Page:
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Sudan's President Bashir charged with war crimes

The International Criminal Court charges Omar Hassan Ahmed Bashir with seven counts of war crimes and crimes against humanity in Darfur. But judges drop charges of genocide.

March 05, 2009|Edmund Sanders

KHARTOUM, SUDAN — In a challenge to one of Africa's most defiant strongmen, the International Criminal Court on Wednesday issued an arrest warrant for Sudan's president on charges of war crimes in Darfur, a quest for justice that immediately complicated relief efforts for hundreds of thousands of people and raised the specter of more violence.

A three-judge panel found that President Omar Hassan Ahmed Bashir "intentionally directed attacks against an important part of the civilian population of Darfur, Sudan, murdering, exterminating, raping, torturing and forcibly transferring large numbers of civilians and pillaging their property," ICC spokeswoman Laurence Blairon said.

Within minutes of the court's announcement, thousands of Bashir supporters poured into the streets of Khartoum, the Sudanese capital, carrying banners condemning the U.S. and ICC.

About the same time in Darfur, several displacement camps erupted in celebrations, despite a strong show of force earlier in the day by Sudanese soldiers, United Nations officials said.

Government officials reiterated their refusal to turn over Bashir to the court, which they consider a tool of the U.S. and Europe.

"We will not be humiliated by the international community," said Sudanese Defense Minister Abdel Rahim Mohammed Hussein. "This is just another attempt to destroy Sudan."

Experts said the court's legal action could result in renewed bloodshed in the country and further interfere with efforts to stop the violence and suffering in Darfur. Several humanitarian organizations said after the announcement that the Sudanese government had revoked their licenses to operate, and Doctors Without Borders said it was ordered to evacuate staffers from four Darfur towns because of security concerns.

U.N. agencies and foreign embassies in Sudan remained on high alert amid rumors that militias, both for and against the government, might use the announcement as an opportunity to attack foreigners or government institutions.

Bashir was expected to address the country at a giant rally this morning.

In the much-anticipated ruling, ICC judges accused Bashir of seven counts of war crimes and crimes against humanity stemming from his government's counterinsurgency campaign in the nation's western region of Darfur.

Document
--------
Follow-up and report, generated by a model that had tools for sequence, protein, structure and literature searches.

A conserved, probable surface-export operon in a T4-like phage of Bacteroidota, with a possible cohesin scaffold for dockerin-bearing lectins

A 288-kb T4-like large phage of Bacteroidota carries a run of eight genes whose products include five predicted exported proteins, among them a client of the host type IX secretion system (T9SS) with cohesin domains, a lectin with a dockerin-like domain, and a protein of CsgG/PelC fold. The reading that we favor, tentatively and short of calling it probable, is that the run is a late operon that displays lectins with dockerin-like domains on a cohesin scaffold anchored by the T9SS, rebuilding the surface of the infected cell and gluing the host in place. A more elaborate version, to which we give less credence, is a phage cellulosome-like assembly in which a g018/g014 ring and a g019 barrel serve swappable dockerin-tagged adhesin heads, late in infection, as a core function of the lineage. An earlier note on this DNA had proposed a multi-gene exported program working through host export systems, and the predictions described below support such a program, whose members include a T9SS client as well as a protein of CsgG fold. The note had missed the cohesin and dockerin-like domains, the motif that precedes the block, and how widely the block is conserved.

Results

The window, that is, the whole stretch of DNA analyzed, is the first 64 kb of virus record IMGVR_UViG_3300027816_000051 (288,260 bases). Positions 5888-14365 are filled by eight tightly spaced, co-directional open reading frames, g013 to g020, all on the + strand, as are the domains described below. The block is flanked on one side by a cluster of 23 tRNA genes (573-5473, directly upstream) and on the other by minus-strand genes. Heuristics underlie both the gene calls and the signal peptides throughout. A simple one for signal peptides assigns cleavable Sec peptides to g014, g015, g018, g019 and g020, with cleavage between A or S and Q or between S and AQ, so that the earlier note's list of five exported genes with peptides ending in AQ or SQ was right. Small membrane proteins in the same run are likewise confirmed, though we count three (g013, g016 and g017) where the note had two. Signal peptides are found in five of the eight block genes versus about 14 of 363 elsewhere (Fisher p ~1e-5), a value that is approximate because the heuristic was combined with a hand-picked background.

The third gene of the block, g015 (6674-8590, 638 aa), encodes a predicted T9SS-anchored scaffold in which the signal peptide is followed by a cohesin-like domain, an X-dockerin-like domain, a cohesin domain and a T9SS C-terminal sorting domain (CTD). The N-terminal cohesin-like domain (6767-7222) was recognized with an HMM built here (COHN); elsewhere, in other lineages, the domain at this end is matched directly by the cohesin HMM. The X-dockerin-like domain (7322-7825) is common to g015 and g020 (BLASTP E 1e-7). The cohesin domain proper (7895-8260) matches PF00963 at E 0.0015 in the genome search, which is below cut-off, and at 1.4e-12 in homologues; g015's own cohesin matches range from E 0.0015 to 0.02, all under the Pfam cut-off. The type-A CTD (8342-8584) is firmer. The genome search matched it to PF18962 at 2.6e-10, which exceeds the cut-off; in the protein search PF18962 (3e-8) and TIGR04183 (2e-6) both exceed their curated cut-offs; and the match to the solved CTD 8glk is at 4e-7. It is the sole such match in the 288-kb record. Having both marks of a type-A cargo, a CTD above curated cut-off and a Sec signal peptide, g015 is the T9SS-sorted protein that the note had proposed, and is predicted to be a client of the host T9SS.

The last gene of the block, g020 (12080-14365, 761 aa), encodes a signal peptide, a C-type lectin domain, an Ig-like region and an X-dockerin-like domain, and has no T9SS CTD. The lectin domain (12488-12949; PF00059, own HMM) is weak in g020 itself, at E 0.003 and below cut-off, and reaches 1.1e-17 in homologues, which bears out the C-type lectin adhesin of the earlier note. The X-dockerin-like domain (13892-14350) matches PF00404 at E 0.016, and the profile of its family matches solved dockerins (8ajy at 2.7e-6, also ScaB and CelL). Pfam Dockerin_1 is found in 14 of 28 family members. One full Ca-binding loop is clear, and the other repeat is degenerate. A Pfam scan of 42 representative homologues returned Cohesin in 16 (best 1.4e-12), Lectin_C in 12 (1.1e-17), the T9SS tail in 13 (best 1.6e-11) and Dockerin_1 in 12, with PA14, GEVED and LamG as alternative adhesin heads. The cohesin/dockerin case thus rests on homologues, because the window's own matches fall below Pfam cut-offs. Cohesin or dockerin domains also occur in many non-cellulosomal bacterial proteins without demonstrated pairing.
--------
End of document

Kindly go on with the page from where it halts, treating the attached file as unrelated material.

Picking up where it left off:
Charges of genocide -- which the U.S. alleges has taken place in Darfur -- were dropped by the judges for lack of evidence. According to the court, 35,000 people were killed in Darfur and at least an additional 100,000 died from disease and starvation. More than 2.5 million remain homeless.

The United States is not a signatory to the ICC, but State Department officials said the arrest warrant "can be a helpful step" in resolving the crisis.

The Obama administration urged restraint by all parties to avoid further violence. A spokesman said President Obama supports efforts to help displaced people.

Human rights activists heralded the ICC decision as a victory against impunity.

"This message should be heard loudly and clearly around the globe: If you kill, maim and rape your own citizens, there will be a cost," said John Norris, executive director of the anti-genocide group Enough Project.

There was no consensus on whether Bashir would be damaged, or strengthened, by the charges.

Bashir will keep his job, predicted Eltayeb Hag Ateya of the Peace Studies Institute in Khartoum, because Sudan's ruling party is unprepared to select a replacement and many worry the country could fall into the hands of Islamic extremists or the military.

"Bashir will not be able to continue as a normal president for long," Ateya said. "He'll become a burden to everyone around him and this will snowball, leaving him crippled.

"The real issue is not Bashir," Ateya said. "It's the succession question."

U.S. and European officials are hoping the warrant will either force Bashir to make reforms or drive him from power. But political experts here say such hopes are misplaced.

"It's wishful thinking," said Alfred Taban, editor of an opposition newspaper. "If anything, the ICC is going to entrench Bashir rather than weaken him."

On Tuesday, Bashir, 65, who seized power in a 1989 coup, struck a defiant tone at the opening of the $2-billion Merowe Dam, which he boasted was built without help from the Western world. Dancing, smiling and waving his walking stick, Bashir said the international community could take the arrest warrant, "dissolve it in water, and drink it."

His government has silenced most opponents, either through payoffs or intimidation, diplomats said. The ICC has also stirred nationalist and anti-Western sentiments, with many Sudanese, even those against Bashir, viewing the case as an attack on the country's sovereignty.

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